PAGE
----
Alginate and Cornstarch Mycelial Formulations of Entomopathogenic Fungi, Beauveria Bassiana and Metarhizium Anisopliae

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Journal of Economic Entomology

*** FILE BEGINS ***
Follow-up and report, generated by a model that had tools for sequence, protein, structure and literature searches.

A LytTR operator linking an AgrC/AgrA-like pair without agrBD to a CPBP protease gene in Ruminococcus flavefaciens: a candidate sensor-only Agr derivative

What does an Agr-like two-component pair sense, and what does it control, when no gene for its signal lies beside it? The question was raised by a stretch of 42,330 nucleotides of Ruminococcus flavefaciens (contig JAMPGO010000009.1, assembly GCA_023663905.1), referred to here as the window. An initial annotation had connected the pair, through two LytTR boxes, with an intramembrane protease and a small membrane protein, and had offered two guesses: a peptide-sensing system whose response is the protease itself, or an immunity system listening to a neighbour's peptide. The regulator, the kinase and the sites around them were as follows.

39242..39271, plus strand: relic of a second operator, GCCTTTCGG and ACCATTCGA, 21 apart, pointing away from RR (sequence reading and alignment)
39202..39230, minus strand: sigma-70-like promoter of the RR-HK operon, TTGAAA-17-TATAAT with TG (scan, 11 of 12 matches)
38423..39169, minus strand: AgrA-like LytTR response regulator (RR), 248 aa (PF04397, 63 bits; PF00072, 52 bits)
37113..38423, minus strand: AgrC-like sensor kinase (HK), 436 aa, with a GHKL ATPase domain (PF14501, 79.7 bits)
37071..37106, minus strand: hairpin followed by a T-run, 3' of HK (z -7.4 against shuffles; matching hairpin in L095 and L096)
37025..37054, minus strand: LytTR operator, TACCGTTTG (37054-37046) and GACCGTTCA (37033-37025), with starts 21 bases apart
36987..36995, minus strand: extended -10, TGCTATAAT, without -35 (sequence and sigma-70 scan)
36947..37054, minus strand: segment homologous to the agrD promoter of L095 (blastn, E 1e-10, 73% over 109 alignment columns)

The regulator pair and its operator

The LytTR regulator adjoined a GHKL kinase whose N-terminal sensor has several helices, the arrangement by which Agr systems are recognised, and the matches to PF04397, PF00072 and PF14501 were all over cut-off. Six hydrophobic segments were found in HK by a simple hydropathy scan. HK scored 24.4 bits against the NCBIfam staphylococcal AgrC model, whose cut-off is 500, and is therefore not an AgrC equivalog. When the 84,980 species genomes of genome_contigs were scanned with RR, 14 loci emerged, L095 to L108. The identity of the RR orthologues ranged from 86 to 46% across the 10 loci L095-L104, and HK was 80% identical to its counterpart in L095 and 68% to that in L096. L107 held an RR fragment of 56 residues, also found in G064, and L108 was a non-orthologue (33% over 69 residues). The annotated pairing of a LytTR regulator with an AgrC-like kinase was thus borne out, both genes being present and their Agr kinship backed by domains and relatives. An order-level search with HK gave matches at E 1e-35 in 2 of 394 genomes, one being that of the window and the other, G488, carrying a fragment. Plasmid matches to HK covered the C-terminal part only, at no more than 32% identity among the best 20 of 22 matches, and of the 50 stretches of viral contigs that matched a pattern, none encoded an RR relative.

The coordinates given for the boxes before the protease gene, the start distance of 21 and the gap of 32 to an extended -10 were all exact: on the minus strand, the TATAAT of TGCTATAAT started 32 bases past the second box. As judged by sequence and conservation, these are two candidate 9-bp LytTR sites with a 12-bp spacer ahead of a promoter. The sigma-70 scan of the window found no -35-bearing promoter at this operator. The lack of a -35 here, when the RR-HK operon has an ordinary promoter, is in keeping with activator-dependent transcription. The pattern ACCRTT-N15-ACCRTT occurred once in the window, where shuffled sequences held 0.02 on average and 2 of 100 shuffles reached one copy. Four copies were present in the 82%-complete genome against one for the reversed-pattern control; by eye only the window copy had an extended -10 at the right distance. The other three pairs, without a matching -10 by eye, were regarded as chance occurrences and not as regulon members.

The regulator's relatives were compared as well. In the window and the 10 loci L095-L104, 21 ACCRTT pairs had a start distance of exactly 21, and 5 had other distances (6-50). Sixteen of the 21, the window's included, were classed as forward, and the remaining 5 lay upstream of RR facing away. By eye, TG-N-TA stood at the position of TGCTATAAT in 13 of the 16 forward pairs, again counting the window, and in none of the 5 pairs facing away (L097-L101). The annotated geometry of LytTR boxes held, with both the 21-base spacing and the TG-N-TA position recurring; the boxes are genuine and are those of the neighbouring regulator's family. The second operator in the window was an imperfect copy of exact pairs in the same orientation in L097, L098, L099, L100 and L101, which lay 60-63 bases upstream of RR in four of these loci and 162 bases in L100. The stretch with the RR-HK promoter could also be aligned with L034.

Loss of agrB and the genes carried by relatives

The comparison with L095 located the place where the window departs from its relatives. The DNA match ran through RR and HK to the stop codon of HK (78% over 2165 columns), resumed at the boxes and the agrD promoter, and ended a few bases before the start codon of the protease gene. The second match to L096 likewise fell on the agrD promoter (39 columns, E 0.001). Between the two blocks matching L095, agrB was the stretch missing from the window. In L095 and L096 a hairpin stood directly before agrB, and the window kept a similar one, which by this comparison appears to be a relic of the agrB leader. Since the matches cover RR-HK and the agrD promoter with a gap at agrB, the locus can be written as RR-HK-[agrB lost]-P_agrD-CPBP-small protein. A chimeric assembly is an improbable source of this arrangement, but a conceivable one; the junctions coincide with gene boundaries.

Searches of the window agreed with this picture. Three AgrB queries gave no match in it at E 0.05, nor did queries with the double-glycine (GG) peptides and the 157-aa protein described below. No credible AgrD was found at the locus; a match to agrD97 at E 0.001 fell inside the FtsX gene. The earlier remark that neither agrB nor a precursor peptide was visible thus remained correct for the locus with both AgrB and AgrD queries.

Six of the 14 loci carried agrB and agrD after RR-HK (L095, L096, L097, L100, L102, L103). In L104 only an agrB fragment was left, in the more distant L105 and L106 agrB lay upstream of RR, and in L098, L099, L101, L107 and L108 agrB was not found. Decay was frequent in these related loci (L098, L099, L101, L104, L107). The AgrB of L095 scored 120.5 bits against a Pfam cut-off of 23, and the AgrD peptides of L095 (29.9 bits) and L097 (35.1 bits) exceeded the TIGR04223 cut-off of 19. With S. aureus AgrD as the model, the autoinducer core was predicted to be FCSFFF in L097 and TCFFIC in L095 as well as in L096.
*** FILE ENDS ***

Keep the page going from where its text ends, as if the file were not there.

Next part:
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Dry mycelium of the entomopathogenic fungi Metarhizium anisopliae and Beauveria bassiana in alginate and cornstarch formulations was evaluated for survival of the formulated mycelium, conidial production on mycelium after exposure to artificial solar radiation, and infectivity to southern corn root worm adults, Diabrotica undecimpunctata howardi Barber. Alginate formulations were prepared with 1% sodium alginate and calcium chloride. Cornstarch formulations were prepared with gelatinized cornstarch and moist mycelium from liquid culture medium. Oil was added to some starch preparations. Results showed that cornstarch and cornstarch-oil formulations produced more conidia per gram of incorporated mycelium than other preparations. In general, alginate formulations were less productive than pure mycelium. Cornstarch and cornstarch-oil formulations were best at preserving fungi at room temperature (22°C), whereas all formulations provided similar preservation at 4°C. Alginate formulations prevented degradation of fungi by artificial solar radiation, whereas cornstarch-oil was less effective than pure mycelium preparations. Mortality to D. undecimpunctata caused by mycelium formulated into alginate and cornstarchoil preparations were comparable to that caused by pure mycelium preparations. A lag time of 3-4 d preceded disease development on test insects, because of the need for dry mycelium to produce conidia before initiating infection.

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